How much sleep do you need each night?

Before I was diagnosed with colon cancer in August of last year, a normal night of sleep for me was typically 5 – 6 hours.  And rarely did I need the aid of an alarm clock to get me up … between 4 and 5AM I would just wake up.

A beloved sister with concern about my well-being and health told me that I needed to be getting 8 hours of sleep a night.  So the next time, I went to the family physician I shared with him how much sleep I was getting and what my friend had said.

“Are you tired?”, he asked.

“No”, I responded.

“Then you’re getting enough sleep”, he stated matter of factly.

But since my cancer diagnosis and probably more importantly my chemotherapy treatments began, my body demands 8-9 hours of sleep each and every night … some time a bit more during chemo.

Of course, that’s only natural since the #1 side effect of chemo, contrary to popular belief, is fatigue not nausea.

So first, for all my healthy friends out there, how many hours of sleep do you need each night?

And for all my cancer surviving friends (or via proxy by your caregivers) out there, how many hours of sleep each night do you need?

What kind of tricks have you learned that help you sleep all night?  Foods, beverages, before bedtime practices … even OTC solutions?

Would love to hear from you!!!

Hope you have a good night of sleep tonight.


About bwebbjr

A grandfather, father, husband, man, and a child of God who is following Christ Jesus and working out his salvation with fear and trembling; for it is God who is at work IN me, both to will and to work for His good pleasure (Philippians 2:12-13). I dodged my first bullet with cancer when a cancerous polyp was removed in a sigmoid colectomy surgery in August 2007. Four years later, in the midst of a second colectomy surgery we discovered I had Stage IV metastatic colon cancer. Rather than colectomy surgery I had colostomy surgery, which now means the colostomy bag is a part of my everyday life ... with the emphasis on life. God has given us a peace beyond understanding as my wife and I have traveled this journey. By the grace of God I am blessed to be a 6 plus year cancer survivor aka warrior. In writing, I am often wrestling with my own personal struggles and beliefs and in the midst God leads me to a lesson He wants me to learn ... or sometimes He simply touches me in the revelation of Himself. My hope is that the result you see here might touch your heart and glorify God. And let me be clear ... I am not the only one with something to say. Please join in the conversation sharing your faith, your cancer experiences, etc. I would love to hear from you. Bernie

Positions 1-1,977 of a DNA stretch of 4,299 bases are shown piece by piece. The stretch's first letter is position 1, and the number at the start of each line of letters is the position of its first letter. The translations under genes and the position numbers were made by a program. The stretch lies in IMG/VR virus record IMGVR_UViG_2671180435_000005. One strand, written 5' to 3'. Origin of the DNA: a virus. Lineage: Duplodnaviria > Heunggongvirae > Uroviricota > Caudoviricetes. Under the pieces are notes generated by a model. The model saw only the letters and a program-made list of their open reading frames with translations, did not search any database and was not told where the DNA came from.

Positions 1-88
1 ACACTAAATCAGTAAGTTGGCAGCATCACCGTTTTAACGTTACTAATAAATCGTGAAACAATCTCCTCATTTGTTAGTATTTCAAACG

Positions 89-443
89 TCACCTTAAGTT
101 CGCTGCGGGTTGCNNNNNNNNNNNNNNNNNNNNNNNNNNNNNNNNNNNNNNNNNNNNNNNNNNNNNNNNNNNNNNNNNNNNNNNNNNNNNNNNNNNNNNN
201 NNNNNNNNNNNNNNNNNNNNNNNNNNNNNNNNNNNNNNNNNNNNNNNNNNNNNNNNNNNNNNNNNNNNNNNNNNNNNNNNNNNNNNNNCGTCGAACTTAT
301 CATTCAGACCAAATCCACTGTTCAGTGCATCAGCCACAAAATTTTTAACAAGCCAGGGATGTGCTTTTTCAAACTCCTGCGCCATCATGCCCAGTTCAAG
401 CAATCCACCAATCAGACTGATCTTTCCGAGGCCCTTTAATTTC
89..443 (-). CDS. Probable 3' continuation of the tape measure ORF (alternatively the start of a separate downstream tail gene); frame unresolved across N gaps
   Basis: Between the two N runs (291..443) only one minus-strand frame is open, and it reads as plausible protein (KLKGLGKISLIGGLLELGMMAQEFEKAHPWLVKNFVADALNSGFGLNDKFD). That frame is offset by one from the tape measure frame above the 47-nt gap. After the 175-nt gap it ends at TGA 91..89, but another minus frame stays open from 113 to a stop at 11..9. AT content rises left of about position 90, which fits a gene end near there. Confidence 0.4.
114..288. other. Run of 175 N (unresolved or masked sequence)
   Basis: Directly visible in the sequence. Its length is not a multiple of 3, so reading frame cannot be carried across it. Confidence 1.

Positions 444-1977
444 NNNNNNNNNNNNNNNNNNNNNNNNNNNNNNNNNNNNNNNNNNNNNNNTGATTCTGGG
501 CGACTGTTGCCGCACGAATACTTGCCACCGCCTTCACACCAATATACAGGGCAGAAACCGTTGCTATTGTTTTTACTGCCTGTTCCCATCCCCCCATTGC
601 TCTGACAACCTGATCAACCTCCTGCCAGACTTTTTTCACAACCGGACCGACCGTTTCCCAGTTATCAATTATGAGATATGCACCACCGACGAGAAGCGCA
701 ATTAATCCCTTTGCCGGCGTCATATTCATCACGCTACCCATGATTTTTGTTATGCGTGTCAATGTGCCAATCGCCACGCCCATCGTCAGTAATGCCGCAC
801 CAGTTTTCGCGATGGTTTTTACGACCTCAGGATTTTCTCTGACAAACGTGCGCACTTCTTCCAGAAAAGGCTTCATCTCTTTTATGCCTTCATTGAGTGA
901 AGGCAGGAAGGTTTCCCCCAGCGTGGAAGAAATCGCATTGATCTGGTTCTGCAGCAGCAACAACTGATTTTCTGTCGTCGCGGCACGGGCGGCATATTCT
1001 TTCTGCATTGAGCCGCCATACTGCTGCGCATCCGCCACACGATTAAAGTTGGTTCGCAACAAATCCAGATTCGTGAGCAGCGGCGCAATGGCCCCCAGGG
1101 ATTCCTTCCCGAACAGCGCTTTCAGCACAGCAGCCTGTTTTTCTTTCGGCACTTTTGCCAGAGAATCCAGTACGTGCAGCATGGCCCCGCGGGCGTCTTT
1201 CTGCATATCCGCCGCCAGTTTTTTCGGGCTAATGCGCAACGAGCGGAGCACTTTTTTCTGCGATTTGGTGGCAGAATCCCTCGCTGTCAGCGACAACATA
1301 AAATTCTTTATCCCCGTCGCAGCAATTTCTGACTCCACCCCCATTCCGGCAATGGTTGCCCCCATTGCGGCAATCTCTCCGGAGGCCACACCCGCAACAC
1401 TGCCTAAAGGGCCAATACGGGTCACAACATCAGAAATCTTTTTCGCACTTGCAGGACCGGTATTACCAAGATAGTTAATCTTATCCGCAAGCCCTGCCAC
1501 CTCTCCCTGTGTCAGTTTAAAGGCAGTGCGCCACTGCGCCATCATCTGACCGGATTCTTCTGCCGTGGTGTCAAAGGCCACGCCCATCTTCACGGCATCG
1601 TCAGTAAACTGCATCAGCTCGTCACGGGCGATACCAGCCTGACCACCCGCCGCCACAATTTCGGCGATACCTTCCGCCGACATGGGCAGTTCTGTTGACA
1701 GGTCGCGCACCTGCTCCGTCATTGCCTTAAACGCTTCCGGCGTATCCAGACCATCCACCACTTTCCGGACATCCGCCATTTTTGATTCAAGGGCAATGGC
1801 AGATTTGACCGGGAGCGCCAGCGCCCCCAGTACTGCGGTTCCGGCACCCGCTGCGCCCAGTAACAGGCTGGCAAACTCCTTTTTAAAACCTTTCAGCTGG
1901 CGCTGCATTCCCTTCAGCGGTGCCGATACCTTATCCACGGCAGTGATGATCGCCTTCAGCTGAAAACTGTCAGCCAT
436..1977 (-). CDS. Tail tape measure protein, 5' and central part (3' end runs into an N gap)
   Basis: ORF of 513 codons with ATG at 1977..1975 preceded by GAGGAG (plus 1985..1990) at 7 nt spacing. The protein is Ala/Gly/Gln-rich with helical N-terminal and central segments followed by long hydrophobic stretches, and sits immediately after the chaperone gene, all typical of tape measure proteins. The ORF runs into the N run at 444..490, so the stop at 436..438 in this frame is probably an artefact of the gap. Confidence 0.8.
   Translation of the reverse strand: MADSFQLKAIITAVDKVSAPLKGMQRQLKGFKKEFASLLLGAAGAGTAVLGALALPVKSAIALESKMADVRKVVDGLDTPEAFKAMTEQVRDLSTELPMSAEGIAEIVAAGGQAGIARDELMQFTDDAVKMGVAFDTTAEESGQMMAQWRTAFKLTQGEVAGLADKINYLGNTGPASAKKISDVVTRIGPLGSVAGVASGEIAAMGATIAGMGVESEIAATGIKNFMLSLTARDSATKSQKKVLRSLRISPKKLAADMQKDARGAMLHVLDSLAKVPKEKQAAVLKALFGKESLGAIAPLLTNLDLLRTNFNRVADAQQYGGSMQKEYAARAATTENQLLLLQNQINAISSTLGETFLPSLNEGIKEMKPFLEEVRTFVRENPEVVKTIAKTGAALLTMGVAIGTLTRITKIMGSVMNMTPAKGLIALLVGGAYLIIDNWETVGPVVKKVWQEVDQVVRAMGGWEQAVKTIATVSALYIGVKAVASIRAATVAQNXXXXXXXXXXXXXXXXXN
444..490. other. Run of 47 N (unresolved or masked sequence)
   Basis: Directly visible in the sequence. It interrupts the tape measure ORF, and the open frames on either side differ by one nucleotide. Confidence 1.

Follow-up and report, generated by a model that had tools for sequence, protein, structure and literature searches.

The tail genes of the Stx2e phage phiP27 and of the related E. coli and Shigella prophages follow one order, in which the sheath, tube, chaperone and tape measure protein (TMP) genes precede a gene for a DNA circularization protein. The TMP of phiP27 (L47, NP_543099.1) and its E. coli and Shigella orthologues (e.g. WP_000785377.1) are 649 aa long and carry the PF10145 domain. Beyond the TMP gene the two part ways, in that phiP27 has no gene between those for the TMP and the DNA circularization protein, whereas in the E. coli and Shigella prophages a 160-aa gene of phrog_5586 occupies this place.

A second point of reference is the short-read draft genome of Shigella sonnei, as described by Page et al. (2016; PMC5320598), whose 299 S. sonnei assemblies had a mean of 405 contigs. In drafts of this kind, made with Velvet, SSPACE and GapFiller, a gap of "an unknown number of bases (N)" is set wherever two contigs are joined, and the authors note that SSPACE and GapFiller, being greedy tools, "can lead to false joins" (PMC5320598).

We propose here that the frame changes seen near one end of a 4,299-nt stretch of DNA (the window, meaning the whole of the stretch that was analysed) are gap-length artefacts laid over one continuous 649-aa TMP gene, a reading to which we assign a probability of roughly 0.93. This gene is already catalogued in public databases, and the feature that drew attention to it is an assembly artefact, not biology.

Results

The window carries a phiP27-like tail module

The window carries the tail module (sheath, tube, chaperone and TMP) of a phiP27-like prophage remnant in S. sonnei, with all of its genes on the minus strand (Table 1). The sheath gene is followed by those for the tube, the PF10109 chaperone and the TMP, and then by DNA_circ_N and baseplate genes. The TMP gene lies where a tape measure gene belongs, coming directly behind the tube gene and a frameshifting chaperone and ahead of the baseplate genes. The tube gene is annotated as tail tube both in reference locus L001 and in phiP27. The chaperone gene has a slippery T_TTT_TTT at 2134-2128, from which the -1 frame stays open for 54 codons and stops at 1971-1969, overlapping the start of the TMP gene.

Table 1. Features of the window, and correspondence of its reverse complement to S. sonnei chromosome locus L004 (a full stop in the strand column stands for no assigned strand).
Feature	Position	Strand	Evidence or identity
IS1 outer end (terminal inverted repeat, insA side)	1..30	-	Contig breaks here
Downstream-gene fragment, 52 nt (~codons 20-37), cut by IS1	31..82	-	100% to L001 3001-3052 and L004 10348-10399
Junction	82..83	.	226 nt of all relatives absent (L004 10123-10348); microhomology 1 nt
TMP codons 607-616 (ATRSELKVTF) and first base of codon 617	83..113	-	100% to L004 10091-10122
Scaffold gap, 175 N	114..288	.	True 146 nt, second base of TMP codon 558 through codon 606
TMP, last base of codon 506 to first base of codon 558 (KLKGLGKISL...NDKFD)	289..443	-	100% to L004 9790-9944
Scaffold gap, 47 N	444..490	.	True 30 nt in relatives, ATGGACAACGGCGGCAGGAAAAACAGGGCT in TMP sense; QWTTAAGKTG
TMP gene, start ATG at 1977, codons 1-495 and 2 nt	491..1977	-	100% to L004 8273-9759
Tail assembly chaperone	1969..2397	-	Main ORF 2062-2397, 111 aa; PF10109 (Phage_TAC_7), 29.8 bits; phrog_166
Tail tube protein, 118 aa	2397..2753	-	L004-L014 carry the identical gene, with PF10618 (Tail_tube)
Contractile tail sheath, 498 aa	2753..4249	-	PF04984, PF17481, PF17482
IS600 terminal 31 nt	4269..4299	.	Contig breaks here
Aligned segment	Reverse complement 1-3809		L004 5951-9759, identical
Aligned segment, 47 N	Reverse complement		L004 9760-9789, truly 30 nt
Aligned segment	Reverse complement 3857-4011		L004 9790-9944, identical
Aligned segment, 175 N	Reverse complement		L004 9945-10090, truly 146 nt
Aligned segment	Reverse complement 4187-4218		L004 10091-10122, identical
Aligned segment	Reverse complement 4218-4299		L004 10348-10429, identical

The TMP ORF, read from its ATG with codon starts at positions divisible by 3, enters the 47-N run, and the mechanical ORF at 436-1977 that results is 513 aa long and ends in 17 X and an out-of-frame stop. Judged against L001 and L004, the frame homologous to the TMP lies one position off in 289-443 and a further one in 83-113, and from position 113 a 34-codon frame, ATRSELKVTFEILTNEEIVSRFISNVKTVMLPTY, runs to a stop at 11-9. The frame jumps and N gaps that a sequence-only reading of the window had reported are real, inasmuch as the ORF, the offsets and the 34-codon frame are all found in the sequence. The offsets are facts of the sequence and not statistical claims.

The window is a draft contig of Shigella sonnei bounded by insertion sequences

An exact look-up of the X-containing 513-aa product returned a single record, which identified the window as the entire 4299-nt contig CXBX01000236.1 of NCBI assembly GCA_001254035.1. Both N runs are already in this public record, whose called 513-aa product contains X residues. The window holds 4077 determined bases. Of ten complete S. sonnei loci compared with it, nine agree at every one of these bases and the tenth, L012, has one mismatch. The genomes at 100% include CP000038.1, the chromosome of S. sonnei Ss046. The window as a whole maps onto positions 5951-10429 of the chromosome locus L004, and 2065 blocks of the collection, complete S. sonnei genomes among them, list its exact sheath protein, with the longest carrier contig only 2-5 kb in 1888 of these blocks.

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6 Responses to How much sleep do you need each night?

  1. Anne Kirkland says:


    We take a daily dose of magnesium as a warm drink at bedtime. Magnesium is one of the most important mineral needs for our body, necessary for all of our living cells.

    The product we use is called “Calm,” and that’s what it does…it relaxes our body and makes us sleep like a baby. We wake up refreshed and ready to go.

    Hope you are getting sufficient rest to help your body withstand the chemo and to fight the battle every day.

    In Christ,


    • bwebbjr says:

      Hi Anne-

      Hope you realized you are the beloved sister of which I spoke of in the post above.

      Thanks for the recommendation on ‘Calm’ … both Sheryl and I plan on checking it out.

      Be blessed IN Christ Jesus and His love Anne!


  2. Good questions on sleep! Lots has been done as far as research in this areas recently.
    Sleep is an important part of your recovery and has a direct effect on building your immunity
    You can see more at:


    • bwebbjr says:

      Thanks for reminding me of this October post … very comprehensive and very insightful … I see a number of things I need to be more aware of … and a few things I could possibly do different that might help in the sleep process.

      Did you find being on chemo made it difficult to sleep some time? I just wonder how much of my current problems are side efffect of chemo vs. perhaps concern over the cancer?

      Anyway thanks again fro reminding me of your post.


  3. I have never had a sleep problem…even when the chemo burned out my female hormones, and I expected to have insomnia like all my menopaused friends!
    If you are one that “thinks” a lot before sleep, the cancer may be the problem. You might benefit from a “sleep” machine that has soothing sounds or by listening to a meditation tape that you can focus on.
    Good luck and good night!

    • bwebbjr says:

      That’s exactly what happens … crawl in bed … close my eyes … and suddenly my mind is on full alert making to-do list and trying to solve problems that need no solving. Thanks for the thoughts and suggestions!


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